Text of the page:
High-end range of pre-accident earning capacity must be grounded on evidence: BC Court of Appeal

Mere possibility of career progression insufficient

High-end range of pre-accident earning capacity must be grounded on evidence: BC Court of Appeal
Earnings due to possible career change must be grounded on evidence

Projecting a high-end range of pre-accident earning capacity due to possible career progression must be grounded by evidence on record in a personal injury case, the British Columbia Court of Appeal has ruled.

In Dunn v. Heise, 2022 BCCA 242, Nicolas Dunn was seriously injured in a motor vehicle accident with a truck driven by Ernest Heise., Dunn suffered multiple lacerations, complex fractures, chronic pain, and depressive and anxiety disorder.

The trial judge awarded Dunn a total of $834,631 in damages.

Heise appealed only a portion of the award, specifically loss of future earning capacity and cost of future care. He argued that the assessment for loss of future earning capacity was not grounded on evidence and failed to properly account for residual earning capacity and the assessment of cost of future care failed to apply contingencies.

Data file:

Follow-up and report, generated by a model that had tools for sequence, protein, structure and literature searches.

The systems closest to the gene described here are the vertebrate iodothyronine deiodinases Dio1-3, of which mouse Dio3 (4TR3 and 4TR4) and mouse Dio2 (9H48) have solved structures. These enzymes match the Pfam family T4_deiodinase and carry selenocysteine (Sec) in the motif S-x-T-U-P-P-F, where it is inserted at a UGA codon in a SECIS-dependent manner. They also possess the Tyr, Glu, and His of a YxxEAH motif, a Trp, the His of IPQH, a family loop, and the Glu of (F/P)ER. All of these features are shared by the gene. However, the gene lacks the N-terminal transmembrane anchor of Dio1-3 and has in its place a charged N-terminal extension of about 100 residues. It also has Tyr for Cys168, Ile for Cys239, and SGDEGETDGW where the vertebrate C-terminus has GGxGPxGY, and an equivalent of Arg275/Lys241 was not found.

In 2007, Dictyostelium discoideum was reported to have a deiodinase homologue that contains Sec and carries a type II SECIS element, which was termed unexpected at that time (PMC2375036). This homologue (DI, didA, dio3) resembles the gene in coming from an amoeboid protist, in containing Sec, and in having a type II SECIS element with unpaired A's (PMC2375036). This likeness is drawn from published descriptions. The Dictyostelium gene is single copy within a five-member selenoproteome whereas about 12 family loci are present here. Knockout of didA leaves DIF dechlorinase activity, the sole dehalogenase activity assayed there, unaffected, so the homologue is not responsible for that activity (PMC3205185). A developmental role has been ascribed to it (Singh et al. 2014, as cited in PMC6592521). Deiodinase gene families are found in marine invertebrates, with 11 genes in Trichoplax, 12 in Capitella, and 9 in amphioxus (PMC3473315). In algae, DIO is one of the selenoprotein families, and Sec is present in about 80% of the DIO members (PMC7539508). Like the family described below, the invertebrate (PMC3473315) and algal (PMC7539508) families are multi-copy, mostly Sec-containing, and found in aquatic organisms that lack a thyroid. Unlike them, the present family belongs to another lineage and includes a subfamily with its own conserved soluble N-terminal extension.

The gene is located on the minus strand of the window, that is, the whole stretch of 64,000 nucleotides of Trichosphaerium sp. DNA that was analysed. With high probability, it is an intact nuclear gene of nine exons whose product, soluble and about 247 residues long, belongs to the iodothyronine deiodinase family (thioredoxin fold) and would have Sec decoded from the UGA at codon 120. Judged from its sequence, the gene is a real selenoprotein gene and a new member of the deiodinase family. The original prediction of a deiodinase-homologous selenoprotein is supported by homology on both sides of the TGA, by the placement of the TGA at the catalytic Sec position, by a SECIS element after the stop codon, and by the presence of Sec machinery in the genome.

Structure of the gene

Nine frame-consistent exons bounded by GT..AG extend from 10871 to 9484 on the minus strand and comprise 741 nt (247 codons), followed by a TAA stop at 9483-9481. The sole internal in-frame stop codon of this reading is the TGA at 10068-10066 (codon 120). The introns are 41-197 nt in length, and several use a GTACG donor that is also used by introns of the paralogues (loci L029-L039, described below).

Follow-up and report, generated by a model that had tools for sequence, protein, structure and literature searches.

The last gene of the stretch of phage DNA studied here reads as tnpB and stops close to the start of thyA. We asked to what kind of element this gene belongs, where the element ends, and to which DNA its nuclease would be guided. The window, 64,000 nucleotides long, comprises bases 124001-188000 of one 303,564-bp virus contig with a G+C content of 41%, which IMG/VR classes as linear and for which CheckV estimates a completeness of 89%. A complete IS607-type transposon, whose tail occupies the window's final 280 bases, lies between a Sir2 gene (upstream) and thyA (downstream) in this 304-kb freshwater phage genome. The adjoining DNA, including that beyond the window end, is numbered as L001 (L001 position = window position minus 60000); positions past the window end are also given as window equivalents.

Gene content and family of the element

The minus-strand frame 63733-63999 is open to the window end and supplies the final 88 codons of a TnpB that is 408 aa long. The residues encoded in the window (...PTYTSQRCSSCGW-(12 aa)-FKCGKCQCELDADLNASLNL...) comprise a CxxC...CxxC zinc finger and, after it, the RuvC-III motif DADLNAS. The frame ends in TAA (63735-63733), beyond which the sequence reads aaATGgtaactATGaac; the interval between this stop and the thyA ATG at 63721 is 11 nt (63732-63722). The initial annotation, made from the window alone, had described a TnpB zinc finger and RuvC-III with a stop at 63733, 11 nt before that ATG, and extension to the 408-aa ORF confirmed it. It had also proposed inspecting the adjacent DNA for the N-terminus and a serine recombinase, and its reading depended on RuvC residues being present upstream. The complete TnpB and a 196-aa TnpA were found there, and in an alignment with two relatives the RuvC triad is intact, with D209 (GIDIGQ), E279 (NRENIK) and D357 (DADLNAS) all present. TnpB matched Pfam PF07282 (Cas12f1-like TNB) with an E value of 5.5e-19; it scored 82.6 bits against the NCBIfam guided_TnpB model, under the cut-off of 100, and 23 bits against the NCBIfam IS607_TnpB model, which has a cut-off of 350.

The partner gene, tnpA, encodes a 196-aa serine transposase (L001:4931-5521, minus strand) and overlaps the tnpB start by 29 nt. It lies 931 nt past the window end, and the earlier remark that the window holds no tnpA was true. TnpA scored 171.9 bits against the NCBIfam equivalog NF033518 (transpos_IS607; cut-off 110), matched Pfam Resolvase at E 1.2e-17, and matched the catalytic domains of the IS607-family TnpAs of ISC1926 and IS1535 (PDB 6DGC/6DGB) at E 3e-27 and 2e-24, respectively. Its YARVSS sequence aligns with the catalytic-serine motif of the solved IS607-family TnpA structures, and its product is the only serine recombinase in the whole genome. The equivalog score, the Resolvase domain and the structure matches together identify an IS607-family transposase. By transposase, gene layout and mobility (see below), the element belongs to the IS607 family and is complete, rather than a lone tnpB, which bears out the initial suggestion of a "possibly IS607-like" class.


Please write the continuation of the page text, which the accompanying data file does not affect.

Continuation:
The appellate court agreed in part.

Pre-accident earning capacity must be grounded on evidence

While the judge made no legal errors in her approach to calculating the loss of future earning capacity, the appeal court found that she erred in projecting the high end of the range of Dunn’s pre-accident earning capacity.

While Dunn could have chosen several career paths, the claim that his earnings could have been at or higher than the range projected by the judge absent the accident was not supported by the evidence on record, the court found. This error directly translated to the award, which must now be set aside, said the court.

As to costs of future care, the court found that Heise failed to demonstrate error in the judge’s assessment of contingencies, either general or specific.

While general contingencies relate to the “risk that things do not always turn out as expected,” trial judges may, not must, adjust for such contingencies, said the court. On the other hand, specific contingencies relate specifically to the claimant, and the court held that Heise was unable to identify specific contingencies that ought to apply.

As such, the appellate court allowed the appeal in part and reduced the award for loss of future earning capacity.

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